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If you’re caught within IR35, HMRC considers you an employee when it comes to taxation, so you’ll have to pay income tax and National Insurance contributions like an employee. However, as long as IR35 exists, it will remain an important topic of discussion – and dissension.

For this reason, we’re focusing on this legislation once more, especially what contractors should do if they’re working inside it. Can you avoid paying back taxes? Can you still operate as a limited company?

While the new IR35 reform has been postponed until 2021, it’s still important to look into these and other questions so that you can gain a deeper understanding of your rights and responsibilities when it comes to the intermediaries’ legislation.

Am I Inside IR35?

First of all, you need to figure out whether your contract falls within this legislation or whether you’re considered self-employed by HMRC. HMRC’s CEST (Check Employment Status for Tax) tool can help you to find this out – it’s well-known this tool isn’t perfect, so don’t hesitate to contact Gorilla Accounting if you want to make sure.

We provide expert IR35 advice for contractors and are capable of answering any questions you have about your current contract.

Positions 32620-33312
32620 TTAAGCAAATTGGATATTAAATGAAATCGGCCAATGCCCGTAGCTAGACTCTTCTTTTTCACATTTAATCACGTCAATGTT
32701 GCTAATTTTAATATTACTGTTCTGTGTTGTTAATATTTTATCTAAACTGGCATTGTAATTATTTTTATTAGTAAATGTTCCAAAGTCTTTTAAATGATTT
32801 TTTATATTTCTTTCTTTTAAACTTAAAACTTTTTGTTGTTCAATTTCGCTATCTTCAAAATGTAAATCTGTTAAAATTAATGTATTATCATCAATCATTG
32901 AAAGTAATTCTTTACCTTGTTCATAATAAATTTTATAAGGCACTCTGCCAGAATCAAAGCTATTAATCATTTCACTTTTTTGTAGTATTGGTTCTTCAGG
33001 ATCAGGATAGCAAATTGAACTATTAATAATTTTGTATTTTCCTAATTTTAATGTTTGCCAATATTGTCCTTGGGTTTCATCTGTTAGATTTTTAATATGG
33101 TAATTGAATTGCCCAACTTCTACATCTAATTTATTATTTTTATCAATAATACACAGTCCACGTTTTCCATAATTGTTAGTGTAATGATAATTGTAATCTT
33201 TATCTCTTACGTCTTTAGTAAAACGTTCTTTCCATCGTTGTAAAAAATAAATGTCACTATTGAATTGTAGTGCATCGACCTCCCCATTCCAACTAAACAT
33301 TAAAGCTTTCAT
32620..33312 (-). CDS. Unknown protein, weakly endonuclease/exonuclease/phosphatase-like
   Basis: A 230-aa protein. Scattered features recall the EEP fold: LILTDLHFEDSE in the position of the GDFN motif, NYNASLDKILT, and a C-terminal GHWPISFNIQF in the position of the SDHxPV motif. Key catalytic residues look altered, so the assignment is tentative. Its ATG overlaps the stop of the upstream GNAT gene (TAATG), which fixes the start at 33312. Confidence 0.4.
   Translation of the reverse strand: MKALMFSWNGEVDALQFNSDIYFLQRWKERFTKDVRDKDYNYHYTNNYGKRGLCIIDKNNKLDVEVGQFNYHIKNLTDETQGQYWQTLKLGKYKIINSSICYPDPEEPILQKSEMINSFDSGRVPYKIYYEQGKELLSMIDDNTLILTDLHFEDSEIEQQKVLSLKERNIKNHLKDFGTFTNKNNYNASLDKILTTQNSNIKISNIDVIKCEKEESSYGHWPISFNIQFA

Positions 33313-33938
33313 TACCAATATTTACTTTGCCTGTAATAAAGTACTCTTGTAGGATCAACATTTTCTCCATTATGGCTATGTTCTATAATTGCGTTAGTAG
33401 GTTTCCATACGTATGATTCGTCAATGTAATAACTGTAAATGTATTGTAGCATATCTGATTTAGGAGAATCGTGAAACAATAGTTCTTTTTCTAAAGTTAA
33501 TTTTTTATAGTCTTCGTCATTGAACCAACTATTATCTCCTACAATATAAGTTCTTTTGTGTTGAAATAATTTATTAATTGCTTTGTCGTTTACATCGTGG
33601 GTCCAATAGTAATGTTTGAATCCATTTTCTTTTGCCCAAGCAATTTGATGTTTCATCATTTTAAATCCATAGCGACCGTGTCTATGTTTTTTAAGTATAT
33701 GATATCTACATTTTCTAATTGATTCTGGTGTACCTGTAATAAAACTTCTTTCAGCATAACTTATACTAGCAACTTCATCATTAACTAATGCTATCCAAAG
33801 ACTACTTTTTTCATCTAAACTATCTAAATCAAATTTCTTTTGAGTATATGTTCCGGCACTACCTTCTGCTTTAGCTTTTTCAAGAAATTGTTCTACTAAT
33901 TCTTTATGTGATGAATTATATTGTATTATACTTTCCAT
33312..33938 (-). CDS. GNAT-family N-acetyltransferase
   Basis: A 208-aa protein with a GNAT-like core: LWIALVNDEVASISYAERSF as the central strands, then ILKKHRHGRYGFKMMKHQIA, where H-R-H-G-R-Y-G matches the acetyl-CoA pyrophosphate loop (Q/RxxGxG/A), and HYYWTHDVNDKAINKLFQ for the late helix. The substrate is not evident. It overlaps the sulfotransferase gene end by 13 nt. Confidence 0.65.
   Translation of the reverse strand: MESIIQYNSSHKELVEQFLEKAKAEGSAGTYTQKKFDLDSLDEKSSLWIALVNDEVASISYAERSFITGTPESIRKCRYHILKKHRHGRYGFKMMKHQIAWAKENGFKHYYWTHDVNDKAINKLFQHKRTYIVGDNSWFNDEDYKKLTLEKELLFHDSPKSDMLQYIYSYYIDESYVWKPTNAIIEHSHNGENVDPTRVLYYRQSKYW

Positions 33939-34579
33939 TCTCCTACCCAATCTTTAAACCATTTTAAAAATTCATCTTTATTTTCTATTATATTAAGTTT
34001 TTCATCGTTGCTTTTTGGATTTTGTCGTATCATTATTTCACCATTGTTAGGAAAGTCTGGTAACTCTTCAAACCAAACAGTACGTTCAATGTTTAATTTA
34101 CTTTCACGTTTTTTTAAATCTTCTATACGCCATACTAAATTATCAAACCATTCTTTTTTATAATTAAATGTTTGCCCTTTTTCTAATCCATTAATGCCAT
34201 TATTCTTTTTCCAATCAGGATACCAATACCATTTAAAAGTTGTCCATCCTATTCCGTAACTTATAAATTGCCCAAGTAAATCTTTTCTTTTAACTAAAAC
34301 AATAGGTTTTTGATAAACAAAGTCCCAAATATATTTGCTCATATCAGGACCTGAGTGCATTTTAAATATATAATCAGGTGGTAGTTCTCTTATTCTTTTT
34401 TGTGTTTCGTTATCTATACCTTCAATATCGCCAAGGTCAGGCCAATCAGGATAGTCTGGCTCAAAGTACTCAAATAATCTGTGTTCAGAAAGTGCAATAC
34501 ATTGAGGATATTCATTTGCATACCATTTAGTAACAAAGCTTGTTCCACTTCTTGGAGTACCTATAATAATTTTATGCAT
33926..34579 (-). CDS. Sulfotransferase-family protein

Should I Change My Operating Structure?

Even though the IR35 reform has been delayed until the next tax year, fear of the upcoming changes has made many contractors move into a PAYE structure, go back to being sole traders or start operating through an umbrella company – all to avoid being caught within IR35.

However, you don’t have to give up your limited company if a contract is inside IR35. You will, however, have to pay the necessary taxes. This means that you can take on different types of contracts without having to restrict your business; in order to do this, you will need to be organised and to make sure that all of your documentation is correct. Seek professional help if you’re unsure.

There are many benefits to owning a Personal Service Company or a limited company, so you may not want to dissolve it in order to avoid IR35. In addition, contractors tend to work on several projects at once so, if only one or two are considered to be inside IR35, you shouldn’t have to change your business model to accommodate that.

In essence, if you pay the right amount of tax, which includes national insurance deductions and income tax, you won’t have any problems.